Upcoming Events

In June, I'll be attending the 2016 Investigative Reporters & Editors Conference in New Orleans, Louisiana, where I'll be improving my journalism skills.

In September, I'll be a resident at the Noepe Center Residency Program on Martha's Vineyard in Massachusetts, where I'll be working on my novel.

Last year, I went to THREAD at Yale in New Haven, Connecticut, and I was a resident at the Carey Institute Nonfiction Residency in Rensselaerville, New York. I highly recommend doing this story of thing. It's good to be a writer immersed in all things writing.

The Banana Derby

Not so long ago, I went to a fair because I wanted to see the banana derby. A banana derby is when monkeys riding dogs race around a track. I'd never seen a banana derby before. The monkeys and dogs appeared to be owned by a man and a wife who operated the banana derby out of an RV. There was also a little girl who I assumed was their daughter, and another woman who was maybe the wife's sister. It was like a traveling circus, but this circus only had monkeys and dogs. Eventually, the music started to play, and the man got on the mic. To much fanfare, the monkeys appeared and mounted their dog steeds. Then they were racing around the track. One of the monkeys gawked at us as he rode, making faces at the crowd that appeared to excite him. The other monkey acted like he just wanted to get the whole thing over with so he could get more bananas. I believe the monkey that made the faces was the winner. It was clear this race had been run before, many times, in all likelihood. It was a well choreographed routine. Afterwards, the crowd dispersed, and for not a large sum, you could have your photo taken with the monkey. I waffled, but eventually I went in the tent. The man told me to hand the money to the monkey, so I did. The monkey snatched the money, and then it stuck it in a box. The monkey came back with a picture of himself for me, but it was dropped during the hand off. Then the man told the monkey to sit on my lap for the photo. I thought maybe having a monkey sitting on your lap would be like having a cat sitting on your lap: warm, and alive, and comforting. Instead, the monkey was heavy, and tightly muscular, and reeked of urine that had maybe soaked the diaper that it was possibly wearing under its clothes. In the photo, we look happy: I'm smiling at the camera, and the monkey, who has his hand wrapped around the strap of my handbag, is staring at the camera. He has on a pink shirt like a clown would wear and bright blue pants. One of his feet is clutching at my hand. The leash trails off out of frame. In the background, there's a representation of a verdant jungle, the place where we aren't sitting.

Read This Book

"My father often said that if not for pornography, he'd have become a serial killer."

Chris Offutt's My Father, the Pornographer is such a strange book. It's beautifully written, and deeply strange, and involves watching someone rummage through a haunted house filled with things you've never seen. It's a memoir recounting the period in which Offutt went through his father's archives after his father died -- the difference is: his father was one of history's most famous and prolific producers of porn books. His father was a monster at home, and the narrative is consumed by Offutt's psychic wrestling with the still looming specter of his father. It's also about growing up in Kentucky and trying to understand things not meant to be understood.

All the Days



Yesterday, I turned 48, which is as depressing as it is terrifying, which is also depressing and terrifying. How did I get to be this old? In two years, I will be 50. It simply doesn't seem possible. I think part of the reason this is the case is that I did not expect to live this long. There were too many things along the way: the cancer, the hurricane, the teenage ride in the drunk-driven car that nearly rammed headlong into the telephone pole, the long-ago first date with the drug dealer who ended up threatening me with one of the guns from the safe under his bed, the stupid choices, the intermittent drug use from my twenties, the time over a decade ago that I had a nervous breakdown and nearly killed myself.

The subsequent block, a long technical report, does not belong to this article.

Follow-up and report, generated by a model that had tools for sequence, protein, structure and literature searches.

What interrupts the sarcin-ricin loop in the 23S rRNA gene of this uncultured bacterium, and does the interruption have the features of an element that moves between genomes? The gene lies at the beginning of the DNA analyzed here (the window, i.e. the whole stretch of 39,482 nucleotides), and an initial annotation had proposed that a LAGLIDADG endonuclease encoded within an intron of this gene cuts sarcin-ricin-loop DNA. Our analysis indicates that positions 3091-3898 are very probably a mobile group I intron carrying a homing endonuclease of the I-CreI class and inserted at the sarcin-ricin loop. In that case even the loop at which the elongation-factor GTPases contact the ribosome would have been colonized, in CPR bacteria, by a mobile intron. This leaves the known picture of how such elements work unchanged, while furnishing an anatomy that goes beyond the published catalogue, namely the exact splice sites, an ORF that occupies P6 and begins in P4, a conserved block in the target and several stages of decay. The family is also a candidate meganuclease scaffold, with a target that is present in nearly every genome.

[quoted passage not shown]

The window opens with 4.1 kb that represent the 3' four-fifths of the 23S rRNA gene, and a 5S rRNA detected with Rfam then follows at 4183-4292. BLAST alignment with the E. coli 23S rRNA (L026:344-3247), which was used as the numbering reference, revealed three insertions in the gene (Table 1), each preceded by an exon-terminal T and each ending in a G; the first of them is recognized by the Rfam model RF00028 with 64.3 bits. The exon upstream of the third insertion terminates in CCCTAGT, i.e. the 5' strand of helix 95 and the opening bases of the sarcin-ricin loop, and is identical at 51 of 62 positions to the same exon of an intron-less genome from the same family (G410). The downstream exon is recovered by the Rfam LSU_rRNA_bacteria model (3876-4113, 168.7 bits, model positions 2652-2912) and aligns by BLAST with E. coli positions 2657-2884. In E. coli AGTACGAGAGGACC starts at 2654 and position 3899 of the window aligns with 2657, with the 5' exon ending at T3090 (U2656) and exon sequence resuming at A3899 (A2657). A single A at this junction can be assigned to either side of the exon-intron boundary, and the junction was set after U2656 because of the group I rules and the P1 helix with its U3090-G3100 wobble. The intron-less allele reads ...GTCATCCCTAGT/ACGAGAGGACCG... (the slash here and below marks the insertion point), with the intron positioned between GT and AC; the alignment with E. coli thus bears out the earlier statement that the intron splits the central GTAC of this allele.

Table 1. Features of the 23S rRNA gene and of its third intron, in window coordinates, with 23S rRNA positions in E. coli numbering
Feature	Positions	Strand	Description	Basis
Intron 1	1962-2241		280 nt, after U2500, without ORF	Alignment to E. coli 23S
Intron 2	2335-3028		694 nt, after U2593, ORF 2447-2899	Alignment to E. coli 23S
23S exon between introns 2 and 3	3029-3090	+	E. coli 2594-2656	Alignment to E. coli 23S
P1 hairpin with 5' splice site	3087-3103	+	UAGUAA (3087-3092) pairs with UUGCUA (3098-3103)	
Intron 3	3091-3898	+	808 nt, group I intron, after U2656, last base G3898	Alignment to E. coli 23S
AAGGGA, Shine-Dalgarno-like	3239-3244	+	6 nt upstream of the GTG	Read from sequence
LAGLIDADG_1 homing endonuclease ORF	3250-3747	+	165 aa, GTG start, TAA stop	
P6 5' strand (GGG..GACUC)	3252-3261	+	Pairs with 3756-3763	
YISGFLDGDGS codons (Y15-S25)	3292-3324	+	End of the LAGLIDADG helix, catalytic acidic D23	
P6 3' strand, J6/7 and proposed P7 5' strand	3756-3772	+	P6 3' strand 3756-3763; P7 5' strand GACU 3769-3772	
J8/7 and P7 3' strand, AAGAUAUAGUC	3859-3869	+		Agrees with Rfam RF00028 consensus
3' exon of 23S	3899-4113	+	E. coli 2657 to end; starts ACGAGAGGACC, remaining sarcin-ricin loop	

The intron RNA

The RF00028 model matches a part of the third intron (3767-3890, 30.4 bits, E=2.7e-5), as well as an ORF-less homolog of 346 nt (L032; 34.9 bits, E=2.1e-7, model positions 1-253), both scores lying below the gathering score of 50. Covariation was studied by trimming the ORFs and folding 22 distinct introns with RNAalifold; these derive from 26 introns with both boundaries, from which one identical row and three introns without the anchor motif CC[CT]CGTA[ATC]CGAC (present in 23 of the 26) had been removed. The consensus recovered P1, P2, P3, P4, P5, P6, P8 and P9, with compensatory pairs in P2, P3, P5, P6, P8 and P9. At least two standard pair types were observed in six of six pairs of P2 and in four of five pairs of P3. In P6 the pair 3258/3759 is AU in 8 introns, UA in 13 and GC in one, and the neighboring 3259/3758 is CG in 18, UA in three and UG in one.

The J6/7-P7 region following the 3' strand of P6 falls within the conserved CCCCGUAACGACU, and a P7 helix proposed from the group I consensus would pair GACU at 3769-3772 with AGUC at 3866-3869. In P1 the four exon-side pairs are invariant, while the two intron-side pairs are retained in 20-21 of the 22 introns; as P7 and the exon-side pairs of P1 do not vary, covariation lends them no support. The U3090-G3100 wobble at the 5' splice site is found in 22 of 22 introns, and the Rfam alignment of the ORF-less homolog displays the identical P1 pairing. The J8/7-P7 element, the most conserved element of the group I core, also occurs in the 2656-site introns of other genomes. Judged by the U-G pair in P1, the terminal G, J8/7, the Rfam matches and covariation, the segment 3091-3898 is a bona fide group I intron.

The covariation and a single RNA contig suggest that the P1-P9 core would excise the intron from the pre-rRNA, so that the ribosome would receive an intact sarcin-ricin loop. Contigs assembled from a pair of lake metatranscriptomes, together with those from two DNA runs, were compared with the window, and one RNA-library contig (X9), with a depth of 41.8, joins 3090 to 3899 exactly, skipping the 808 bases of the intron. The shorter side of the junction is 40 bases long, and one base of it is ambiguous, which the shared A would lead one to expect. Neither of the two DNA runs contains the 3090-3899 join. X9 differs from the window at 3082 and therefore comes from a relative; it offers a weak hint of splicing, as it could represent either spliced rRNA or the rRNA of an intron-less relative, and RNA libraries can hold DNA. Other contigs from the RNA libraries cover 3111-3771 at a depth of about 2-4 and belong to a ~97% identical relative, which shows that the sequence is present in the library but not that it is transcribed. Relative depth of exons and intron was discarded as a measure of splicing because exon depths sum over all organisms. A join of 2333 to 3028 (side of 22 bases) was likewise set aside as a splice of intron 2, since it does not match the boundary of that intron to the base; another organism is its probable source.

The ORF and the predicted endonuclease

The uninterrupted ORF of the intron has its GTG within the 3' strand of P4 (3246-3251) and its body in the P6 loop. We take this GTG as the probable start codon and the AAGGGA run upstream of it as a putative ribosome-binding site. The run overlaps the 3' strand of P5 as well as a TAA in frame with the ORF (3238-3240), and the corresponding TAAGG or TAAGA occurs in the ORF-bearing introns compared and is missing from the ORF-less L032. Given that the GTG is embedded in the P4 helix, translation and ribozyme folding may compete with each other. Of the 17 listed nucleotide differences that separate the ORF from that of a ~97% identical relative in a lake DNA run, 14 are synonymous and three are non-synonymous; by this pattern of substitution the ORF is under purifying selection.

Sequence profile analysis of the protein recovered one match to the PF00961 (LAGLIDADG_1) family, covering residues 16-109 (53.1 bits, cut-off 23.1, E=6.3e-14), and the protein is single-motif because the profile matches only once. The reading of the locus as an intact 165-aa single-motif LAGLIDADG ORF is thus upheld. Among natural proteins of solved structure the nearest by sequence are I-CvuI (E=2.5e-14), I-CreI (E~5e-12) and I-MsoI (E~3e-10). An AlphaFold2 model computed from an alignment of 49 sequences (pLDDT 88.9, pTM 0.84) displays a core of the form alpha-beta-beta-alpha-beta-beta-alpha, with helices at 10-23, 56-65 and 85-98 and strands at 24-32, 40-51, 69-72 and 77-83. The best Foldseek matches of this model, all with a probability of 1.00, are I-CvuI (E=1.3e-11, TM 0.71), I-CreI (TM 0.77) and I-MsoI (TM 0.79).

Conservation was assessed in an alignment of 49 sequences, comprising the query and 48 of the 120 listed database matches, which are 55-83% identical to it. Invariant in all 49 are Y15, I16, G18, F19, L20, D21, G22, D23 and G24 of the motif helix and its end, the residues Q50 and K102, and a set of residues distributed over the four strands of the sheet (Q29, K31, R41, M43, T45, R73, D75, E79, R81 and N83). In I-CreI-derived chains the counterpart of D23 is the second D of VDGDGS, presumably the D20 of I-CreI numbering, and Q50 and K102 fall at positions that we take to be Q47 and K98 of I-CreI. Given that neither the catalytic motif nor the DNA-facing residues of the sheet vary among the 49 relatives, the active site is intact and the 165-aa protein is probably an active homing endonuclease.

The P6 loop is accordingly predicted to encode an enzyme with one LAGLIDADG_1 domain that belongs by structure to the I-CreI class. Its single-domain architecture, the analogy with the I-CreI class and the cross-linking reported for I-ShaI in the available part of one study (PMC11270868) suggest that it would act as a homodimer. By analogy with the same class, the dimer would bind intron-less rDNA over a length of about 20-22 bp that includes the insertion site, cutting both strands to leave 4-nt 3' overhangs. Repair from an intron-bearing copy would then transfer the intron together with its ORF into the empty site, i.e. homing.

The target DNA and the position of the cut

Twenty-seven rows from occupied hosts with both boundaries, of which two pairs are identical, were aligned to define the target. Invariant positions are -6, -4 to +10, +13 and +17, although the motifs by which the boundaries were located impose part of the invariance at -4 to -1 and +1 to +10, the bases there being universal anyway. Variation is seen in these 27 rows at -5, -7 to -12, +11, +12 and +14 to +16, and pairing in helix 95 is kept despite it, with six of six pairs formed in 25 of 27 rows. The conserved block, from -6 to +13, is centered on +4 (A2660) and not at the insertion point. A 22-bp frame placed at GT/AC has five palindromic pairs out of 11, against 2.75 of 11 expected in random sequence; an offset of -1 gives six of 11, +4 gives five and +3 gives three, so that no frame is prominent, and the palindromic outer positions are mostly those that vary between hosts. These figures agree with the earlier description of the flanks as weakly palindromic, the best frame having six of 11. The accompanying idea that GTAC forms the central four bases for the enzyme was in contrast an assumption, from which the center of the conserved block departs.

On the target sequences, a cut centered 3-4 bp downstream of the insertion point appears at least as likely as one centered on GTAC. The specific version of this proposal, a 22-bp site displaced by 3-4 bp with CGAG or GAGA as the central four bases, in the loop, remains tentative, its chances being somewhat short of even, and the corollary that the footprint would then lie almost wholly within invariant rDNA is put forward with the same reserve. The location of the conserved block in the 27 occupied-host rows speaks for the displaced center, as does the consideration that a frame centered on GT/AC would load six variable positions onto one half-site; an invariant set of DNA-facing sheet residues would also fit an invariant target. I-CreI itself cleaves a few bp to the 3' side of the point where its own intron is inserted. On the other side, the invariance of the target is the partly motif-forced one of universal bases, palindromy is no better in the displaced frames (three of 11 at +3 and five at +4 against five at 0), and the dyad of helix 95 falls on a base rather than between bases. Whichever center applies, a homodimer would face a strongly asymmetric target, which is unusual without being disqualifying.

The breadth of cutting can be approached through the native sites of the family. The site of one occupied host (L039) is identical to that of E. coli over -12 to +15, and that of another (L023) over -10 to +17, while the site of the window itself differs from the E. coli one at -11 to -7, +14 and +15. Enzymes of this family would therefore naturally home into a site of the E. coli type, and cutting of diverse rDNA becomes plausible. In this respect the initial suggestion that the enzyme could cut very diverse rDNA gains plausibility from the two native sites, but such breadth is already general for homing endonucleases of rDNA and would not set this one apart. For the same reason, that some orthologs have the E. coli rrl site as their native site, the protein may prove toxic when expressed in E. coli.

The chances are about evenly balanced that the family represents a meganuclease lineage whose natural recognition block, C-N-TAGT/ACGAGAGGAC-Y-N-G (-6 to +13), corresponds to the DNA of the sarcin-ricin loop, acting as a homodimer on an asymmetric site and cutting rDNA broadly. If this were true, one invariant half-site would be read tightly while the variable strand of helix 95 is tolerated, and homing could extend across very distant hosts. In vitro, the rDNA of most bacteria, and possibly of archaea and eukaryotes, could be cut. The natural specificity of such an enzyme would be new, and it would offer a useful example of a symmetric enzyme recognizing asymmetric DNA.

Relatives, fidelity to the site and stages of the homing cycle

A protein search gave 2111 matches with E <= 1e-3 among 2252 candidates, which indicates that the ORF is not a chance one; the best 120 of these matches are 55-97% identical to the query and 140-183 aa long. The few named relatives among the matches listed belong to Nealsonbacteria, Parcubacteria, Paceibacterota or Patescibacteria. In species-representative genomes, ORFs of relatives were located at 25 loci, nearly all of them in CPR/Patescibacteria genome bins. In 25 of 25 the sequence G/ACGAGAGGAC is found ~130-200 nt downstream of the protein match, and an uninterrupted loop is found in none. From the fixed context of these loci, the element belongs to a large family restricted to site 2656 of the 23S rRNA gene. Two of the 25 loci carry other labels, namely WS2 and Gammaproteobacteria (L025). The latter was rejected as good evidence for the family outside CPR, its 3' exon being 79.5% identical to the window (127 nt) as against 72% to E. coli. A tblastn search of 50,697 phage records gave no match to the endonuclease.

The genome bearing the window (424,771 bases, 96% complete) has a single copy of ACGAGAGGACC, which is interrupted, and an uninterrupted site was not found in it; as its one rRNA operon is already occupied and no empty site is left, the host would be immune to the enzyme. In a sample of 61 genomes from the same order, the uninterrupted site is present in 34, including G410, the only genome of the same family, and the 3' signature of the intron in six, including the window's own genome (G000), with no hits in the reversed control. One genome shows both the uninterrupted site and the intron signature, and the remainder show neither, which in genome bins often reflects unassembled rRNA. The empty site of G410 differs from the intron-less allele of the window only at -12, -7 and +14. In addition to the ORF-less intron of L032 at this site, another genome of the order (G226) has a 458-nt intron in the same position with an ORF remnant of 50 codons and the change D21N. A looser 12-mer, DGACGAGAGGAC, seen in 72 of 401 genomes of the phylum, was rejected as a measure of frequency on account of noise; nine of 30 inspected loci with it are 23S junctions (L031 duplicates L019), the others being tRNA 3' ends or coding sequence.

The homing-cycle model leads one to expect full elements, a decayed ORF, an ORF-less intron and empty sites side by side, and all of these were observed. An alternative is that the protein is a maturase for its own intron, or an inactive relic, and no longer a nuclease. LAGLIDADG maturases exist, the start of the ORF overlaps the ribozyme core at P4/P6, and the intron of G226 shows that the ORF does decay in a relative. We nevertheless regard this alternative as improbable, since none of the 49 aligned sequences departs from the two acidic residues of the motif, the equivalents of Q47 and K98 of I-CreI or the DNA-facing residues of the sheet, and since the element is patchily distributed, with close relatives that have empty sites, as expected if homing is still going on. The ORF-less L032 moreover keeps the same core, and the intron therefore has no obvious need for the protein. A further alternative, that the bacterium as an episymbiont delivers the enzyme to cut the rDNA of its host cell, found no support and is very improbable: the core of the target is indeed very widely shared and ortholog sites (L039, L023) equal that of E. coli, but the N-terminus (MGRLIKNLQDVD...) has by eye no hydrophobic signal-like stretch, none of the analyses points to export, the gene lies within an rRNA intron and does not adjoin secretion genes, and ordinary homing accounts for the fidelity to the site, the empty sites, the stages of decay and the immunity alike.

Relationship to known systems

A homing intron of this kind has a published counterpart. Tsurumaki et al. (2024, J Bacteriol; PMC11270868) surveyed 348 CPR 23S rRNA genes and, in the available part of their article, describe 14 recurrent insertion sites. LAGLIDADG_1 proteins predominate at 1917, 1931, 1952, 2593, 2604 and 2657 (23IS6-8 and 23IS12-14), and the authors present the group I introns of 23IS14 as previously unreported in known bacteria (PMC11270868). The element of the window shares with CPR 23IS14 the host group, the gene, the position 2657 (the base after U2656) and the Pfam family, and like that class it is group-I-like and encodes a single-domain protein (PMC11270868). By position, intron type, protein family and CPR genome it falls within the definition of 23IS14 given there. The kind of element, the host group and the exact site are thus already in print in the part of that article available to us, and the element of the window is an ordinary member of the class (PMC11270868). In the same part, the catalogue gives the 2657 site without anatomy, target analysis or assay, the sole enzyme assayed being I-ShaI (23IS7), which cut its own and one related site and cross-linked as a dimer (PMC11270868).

To quote "Magnolia":

"This fucking life... oh, it's so fucking hard. So long. Life ain't short, it's long. It's long, goddamn it. Goddamn. What did I do? What did I do? What did I do? What did I do?"

In a way, this life feels like what Paul Auster called a "posthumous life."

Somehow, by luck or fate or something else altogether, I appear to have outlived myself.

The Terrible Time

At 34, Maureen, who had been divorced for one year as of tomorrow, sat in the car, eating a slice of carrot cake she had just bought at the Target Super Store. In the rear view mirror, she caught a glimpse of what appeared to be a barge sailing by in the parking lot. Something was written across the side of it, which Maureen tried to read backwards, which made her feel tired and soft. SNOITACAV, it read. Immediately, Maureen imagined the bus was a giant tin can filled with seniors returning from a bingo tourney in the east acreages, where it was mostly orange groves, tomato plantations, and workers from Mexico. This was a place so far south in Florida that it was almost exclusively old people. You could throw a rock and hit a Memory Care center without even trying. At first, Maureen had been unable to discern what the centers were. It was like a bank? For storing memories? Inside, the shelves would be lined with Mason jars containing the most precious memories of people most afraid of losing them. Through a process called transmigamorphization, the Memory Care Attendants would extract your best memories and then preserve them in the containers. That way, if you forgot them, you could come back and get them. Or, after you died, your relatives could come and spend, say, an hour with one of your memories, sort of like reliving your life, secondhand. But, of course, that wasn't the case. Instead, she'd learned, the places were filled with old people whose minds were rotting straight out of their ears, old folks in wheelchairs parked in front of windows overlooking parking lots at which they silently drooled. Maureen looked down at the slice of half-eaten cake sitting in the clam shell plastic container in her lap. She had stolen a fork from the deli section for eating in the car. She had known she wouldn't make it home. She had spent fifteen, maybe twenty minutes choosing it. There was a thick slab of white cake with white frosting and sprinkles, a thick slab of chocolate cake with chocolate frosting and sprinkles, a generous triangle of red velvet, and the terrible triangle of carrot cake. Something about the word carrot let her believe it was good for her to eat; like eating a vegetable. So she had snatched it off the shelf and paid for it at self-service checkout, so she wouldn't have to risk some pimple-faced, thin-facial-haired idiot querying her, "Cake for one?" Cake for one, indeed, she had decided, when she had opened the clam shell. It was her birthday. So she had allowed herself this one indulgence. In the car, she quietly sang "Happy Birthday" to herself. "Happy birthday to me," she warbled, low and pathetic. Since then, she had been shoveling large mouthfuls of it between her lips. That is, until the barge had pulled in and stopped behind her. In the mirror, she caught a glimpse of herself. There was a thick smear of butter and sugar frosting glommed onto her upper lip. An orange cake crumb was mashed between the gap of her two front teeth. Suddenly, there was an abrupt shrieking that she recognized: the door of the bus swinging open. The last time she had heard that noise, she had been at Jewish day camp, even though she wasn't Jewish, and it was the first overnight, and she had gotten so distraught, weeping and caterwauling and carrying on, after darkness had fallen, that her mother, who was angry, her mouth set in a thin battlefield line of clear hate, had come to get her. They had ridden home in silence. From somewhere back behind the bumper of her car, a din arose. Craning her head, Maureen watched as the group disembarked the bus. It was not, in fact, old people. It was Boy Scouts, it appeared. Older ones, it seemed. They were perhaps twelve- or thirteen-year-old boys. That age when they are all limbs and sullen faces. None of the boys noticed her in the car. Instead, a blonde boy who was so pale as to be albino lingered weirdly close to her car. He was wearing greenish brown shorts from which his hairy stick legs stuck and some sort of stupid red bandana around his neck. Without averting her eyes, Maureen ladled another heaping fork of cake into her mouth. "Happy birthday to me," she whispered absentmindedly. Ten feet away, the boy was pulling angrily at his rucksack. A part of her wanted to get out of the car, grab the fistful that remained of her cake, and shove it down his throat. Another part of her wanted to ask him what was wrong, maybe sit with him on the curb near which he was angrily stamping his foot, and share with him that she, too, knew what it was like to be gone from your family and wailing like a banshee despite the fact that no one could help you, not really, anyway. Maureen swallowed and wondered what would happen next. She wished that she could stay in this car forever, sticking wads of sugar butter into her mouth, singing softly to herself, the blue sky above her tiered with clouds as far as the eye could see.